As for his investigation of Abby’s death, there are bits of business that aren’t especially inspired—a roundelay targeting various elements of the Texas policing establishment, each one avoiding responsibility by shifting jurisdiction to one of the others, doesn’t catch fire; it just makes one recall how much more zest Charles Durning brought to his dance as the sidestepping governor of the state in the only memorable scene from “The Best Little Whorehouse in Texas.” Nor does Ben’s initial suspicion, at Ty’s insistence, of Sancholo (Zach Villa), a drug trafficker who had a strong interest in Abby—a story thread that literally goes nowhere. There’s also a car explosion that at first seems malicious but is quickly dismissed as accidental; one wonders why it’s even included, except to provide a rare jolt of excitement. In each case much of the trouble lies with a degree of laxity in Novak’s direction, which prizes deadpan reaction over energy or tension.
More intriguing is the apparent involvement of Ashton Kutcher as Quinten Sellers (could the name be a tribute to Peter Sellers’ Clare Quilty?), a white-suited music promoter at whose studio Abby, an aspiring singer, recorded some demo tracks. Ben is taken aback by the fellow’s mellow philosophizing, which strikes him as oddly deep given the locale and causes him to reconsider his dismissal of the place as a redneck haven. Drawling out his lines like a hypnotic cowboy guru, Kutcher effortlessly steals his every scene, including the one that explains the picture’s title, if not everything else (including the rationale behind Abby’s portrayal of Ben as the love her life).
Actually shot in New Mexico by Lyn Moncrief (the purported location is indicated by a reference to Marfa as the site of Sellers’ studio), “Vengeance” captures the flat, dusty atmosphere of West Texas nicely, and some of the gags—like the Shaws’ devotion to Whataburger and a stark division in college football loyalties revealed at a local rodeo—show that Novak really studied the ethos of the area.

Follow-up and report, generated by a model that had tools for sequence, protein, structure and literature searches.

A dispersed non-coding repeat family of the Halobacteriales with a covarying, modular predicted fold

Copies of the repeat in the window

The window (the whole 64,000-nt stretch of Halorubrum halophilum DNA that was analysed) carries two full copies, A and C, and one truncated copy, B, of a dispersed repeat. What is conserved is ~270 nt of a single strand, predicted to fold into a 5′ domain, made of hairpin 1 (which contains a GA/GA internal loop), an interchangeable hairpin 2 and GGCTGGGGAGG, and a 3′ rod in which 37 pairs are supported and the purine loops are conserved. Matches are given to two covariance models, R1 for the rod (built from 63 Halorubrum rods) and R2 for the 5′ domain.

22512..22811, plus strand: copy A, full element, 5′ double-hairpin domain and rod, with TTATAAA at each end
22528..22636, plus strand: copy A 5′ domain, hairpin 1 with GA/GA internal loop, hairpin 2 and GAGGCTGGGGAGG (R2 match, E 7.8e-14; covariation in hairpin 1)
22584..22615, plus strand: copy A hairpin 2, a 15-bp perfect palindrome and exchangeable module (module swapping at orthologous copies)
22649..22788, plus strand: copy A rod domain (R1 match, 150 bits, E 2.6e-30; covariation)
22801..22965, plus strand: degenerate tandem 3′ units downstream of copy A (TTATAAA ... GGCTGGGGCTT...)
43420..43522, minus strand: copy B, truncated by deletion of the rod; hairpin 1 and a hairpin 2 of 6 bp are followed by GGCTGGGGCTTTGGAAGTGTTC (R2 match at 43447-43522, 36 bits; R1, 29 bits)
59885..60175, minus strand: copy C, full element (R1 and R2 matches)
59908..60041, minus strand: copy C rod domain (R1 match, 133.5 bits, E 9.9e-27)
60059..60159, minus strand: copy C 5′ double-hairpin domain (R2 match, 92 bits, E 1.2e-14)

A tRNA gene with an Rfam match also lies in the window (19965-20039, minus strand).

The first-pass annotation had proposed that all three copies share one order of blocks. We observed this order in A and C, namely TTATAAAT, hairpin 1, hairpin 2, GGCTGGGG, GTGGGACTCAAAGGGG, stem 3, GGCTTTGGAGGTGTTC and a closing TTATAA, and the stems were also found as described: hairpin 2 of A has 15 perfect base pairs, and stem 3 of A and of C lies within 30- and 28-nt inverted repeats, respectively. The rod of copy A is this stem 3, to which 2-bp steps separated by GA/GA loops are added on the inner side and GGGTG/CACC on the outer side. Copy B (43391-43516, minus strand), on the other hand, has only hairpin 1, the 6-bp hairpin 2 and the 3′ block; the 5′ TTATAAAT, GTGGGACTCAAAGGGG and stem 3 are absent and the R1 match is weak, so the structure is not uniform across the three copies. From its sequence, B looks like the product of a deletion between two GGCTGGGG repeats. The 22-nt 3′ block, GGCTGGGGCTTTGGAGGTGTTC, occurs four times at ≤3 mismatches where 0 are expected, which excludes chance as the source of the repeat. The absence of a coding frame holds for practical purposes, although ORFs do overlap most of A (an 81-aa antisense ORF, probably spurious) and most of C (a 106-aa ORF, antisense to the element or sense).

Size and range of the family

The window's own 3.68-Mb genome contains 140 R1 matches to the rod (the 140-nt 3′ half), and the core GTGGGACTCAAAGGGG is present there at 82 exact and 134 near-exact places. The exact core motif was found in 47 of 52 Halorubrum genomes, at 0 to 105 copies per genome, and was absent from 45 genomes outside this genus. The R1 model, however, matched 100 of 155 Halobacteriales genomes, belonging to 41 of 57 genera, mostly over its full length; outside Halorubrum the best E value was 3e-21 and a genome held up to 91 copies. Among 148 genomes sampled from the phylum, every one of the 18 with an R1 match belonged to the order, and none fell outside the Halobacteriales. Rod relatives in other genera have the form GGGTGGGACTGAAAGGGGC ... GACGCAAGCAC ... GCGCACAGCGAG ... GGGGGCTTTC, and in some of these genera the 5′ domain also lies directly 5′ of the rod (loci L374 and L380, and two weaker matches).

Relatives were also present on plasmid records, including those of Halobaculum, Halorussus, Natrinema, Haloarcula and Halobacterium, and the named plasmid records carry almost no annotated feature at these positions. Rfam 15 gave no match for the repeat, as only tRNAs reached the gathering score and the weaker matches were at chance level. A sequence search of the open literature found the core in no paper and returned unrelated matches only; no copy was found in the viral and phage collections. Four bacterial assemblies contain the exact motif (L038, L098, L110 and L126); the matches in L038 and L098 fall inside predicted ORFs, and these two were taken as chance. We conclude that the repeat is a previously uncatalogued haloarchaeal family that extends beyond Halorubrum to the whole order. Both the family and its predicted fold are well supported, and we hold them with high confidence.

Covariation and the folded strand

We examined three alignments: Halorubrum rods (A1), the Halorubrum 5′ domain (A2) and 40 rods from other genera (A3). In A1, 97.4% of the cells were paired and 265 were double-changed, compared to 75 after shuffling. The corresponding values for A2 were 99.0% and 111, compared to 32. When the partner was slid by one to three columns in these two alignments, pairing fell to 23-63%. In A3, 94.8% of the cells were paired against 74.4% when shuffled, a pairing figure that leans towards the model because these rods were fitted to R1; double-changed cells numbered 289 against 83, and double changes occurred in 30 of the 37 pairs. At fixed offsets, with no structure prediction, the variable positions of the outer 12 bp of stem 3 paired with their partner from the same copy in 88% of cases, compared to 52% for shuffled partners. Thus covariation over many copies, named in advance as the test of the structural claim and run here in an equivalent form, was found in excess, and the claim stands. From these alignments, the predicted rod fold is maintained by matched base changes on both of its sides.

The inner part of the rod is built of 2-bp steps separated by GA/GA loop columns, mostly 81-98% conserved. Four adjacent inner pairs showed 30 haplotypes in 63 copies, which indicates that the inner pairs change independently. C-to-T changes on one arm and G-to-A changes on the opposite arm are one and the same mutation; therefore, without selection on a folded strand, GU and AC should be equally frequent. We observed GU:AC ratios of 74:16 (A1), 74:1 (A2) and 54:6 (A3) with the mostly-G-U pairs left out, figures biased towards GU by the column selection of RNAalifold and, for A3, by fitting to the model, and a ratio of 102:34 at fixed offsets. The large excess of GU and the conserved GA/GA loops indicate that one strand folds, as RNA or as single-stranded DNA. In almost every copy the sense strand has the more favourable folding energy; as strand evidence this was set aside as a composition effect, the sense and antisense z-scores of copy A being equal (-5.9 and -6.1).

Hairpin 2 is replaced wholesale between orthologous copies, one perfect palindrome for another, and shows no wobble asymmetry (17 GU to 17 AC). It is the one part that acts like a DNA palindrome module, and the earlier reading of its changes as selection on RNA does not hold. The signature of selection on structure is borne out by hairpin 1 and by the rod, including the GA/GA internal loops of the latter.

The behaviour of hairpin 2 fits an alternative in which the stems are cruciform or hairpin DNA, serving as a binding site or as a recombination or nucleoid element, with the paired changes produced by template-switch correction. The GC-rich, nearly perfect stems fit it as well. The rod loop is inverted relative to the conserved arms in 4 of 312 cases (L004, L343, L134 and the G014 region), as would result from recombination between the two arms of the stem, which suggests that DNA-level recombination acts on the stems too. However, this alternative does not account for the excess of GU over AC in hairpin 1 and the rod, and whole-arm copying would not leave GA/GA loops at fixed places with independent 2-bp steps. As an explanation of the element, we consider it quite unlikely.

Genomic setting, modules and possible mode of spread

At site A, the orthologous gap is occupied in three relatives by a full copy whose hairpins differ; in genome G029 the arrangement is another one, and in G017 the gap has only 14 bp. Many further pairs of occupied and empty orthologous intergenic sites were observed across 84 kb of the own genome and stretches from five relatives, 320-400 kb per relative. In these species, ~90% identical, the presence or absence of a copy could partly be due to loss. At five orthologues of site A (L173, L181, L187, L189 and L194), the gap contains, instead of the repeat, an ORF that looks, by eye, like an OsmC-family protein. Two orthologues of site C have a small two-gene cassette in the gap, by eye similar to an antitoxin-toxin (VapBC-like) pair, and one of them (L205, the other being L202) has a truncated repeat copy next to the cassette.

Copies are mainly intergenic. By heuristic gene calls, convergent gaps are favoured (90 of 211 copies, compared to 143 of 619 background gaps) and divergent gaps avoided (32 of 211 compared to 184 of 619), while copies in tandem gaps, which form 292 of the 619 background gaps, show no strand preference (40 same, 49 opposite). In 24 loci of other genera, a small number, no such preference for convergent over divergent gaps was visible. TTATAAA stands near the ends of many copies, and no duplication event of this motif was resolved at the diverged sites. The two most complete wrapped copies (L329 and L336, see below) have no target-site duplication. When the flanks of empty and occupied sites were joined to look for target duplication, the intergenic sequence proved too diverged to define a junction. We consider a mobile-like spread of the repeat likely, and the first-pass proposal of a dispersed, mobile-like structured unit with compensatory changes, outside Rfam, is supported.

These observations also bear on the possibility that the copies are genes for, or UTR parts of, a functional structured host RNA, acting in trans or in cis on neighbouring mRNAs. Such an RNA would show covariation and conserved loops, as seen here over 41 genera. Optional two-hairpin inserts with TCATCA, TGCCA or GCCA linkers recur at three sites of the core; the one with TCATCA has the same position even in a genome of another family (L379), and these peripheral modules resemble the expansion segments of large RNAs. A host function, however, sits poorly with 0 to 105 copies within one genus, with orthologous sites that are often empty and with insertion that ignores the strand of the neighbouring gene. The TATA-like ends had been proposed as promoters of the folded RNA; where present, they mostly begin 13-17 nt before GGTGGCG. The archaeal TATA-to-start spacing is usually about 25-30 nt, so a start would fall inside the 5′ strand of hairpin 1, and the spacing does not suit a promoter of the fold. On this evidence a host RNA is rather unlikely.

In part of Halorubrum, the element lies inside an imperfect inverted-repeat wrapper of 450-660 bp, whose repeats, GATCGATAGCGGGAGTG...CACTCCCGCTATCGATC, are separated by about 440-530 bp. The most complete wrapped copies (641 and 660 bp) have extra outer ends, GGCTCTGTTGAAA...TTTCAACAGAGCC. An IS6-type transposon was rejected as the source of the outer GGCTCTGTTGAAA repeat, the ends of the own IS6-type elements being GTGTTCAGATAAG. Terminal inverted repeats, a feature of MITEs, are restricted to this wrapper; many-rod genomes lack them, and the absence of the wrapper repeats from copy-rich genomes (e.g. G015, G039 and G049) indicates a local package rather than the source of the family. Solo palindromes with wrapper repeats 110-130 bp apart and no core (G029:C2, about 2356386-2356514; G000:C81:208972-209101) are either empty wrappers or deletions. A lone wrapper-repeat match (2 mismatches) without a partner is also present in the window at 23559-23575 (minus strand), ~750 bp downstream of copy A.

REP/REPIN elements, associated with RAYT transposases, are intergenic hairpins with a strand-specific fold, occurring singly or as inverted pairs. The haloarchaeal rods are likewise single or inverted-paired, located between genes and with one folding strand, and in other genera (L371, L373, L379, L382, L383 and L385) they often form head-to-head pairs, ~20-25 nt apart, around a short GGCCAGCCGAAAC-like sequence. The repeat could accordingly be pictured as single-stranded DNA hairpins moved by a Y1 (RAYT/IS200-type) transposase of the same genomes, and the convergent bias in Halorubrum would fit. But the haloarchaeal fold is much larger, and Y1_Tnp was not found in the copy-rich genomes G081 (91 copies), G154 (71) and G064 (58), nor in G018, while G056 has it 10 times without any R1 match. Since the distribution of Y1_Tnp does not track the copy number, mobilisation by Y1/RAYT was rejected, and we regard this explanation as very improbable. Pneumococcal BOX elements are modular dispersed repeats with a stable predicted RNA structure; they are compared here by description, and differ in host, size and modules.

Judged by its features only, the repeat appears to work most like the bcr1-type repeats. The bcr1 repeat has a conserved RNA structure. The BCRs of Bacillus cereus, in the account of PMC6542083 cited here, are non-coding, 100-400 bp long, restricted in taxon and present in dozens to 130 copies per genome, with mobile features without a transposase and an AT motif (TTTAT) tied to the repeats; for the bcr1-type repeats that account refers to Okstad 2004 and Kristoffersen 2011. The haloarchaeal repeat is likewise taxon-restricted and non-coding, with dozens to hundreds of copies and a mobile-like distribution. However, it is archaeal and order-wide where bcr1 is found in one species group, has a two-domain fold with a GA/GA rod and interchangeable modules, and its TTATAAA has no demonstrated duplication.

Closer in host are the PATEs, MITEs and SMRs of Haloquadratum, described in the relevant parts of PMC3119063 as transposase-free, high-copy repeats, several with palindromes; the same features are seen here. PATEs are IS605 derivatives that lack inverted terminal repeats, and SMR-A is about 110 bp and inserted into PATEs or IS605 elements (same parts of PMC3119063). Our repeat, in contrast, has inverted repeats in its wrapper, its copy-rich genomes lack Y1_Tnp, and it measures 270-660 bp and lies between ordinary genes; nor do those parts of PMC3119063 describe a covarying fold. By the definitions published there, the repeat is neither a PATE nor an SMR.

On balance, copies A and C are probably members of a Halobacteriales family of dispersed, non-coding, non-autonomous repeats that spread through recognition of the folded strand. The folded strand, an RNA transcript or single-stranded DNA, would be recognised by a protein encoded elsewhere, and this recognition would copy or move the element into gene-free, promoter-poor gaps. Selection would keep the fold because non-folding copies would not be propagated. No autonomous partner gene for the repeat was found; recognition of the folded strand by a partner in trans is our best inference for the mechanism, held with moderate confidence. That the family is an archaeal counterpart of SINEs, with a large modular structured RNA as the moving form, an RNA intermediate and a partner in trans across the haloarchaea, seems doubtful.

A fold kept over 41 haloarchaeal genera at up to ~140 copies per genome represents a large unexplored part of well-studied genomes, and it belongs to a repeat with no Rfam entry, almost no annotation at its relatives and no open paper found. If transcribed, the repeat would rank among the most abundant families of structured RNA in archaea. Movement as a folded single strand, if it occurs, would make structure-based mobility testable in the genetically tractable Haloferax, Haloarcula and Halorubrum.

But he doesn’t really exhibit the charm or charisma needed to carry the picture—his sad-sack persona seems more suited to supporting parts than the lead—and while he has a nice rapport with Bickel, you might find yourself awaiting an infusion of something more vivid from Holbrook, Stephens or Kutcher to get you over the doldrums. Fortunately Novak is generous with them, and the other members of his cast; Ben may be on screen pretty constantly, but his creator isn’t afraid to cede the limelight to the other characters, which is all to the good. Production designers Hillary and Courtney Andujar, along with costume designer Rachel Sage Kunin, have worked with Moncrief to draw a sharp distinction between the New York and Texas scenes, and editors Andy Canny, Hilda Rasula and Plummy Tucker have put in a lot of effort to keep the narrative clear; when things get a mite confusing, it seems less their fault than Novak’s. Finneas O’Connell’s score is evocative, and some snippets of original songs are right on.
One can appreciate Novak’s effort to show respect for West Texas culture while ribbing both it and East Coast denigration of it—that’s an ambitious agenda when played out as a murder mystery, and you have to admire the attempt; the result is certainly one of the better Blumhouse productions, though that’s not saying all that much. But ultimately “Vengeance” is more interesting for its reach than its grasp, and in the end like its star it’s just too soft and mild to leave a lasting impression.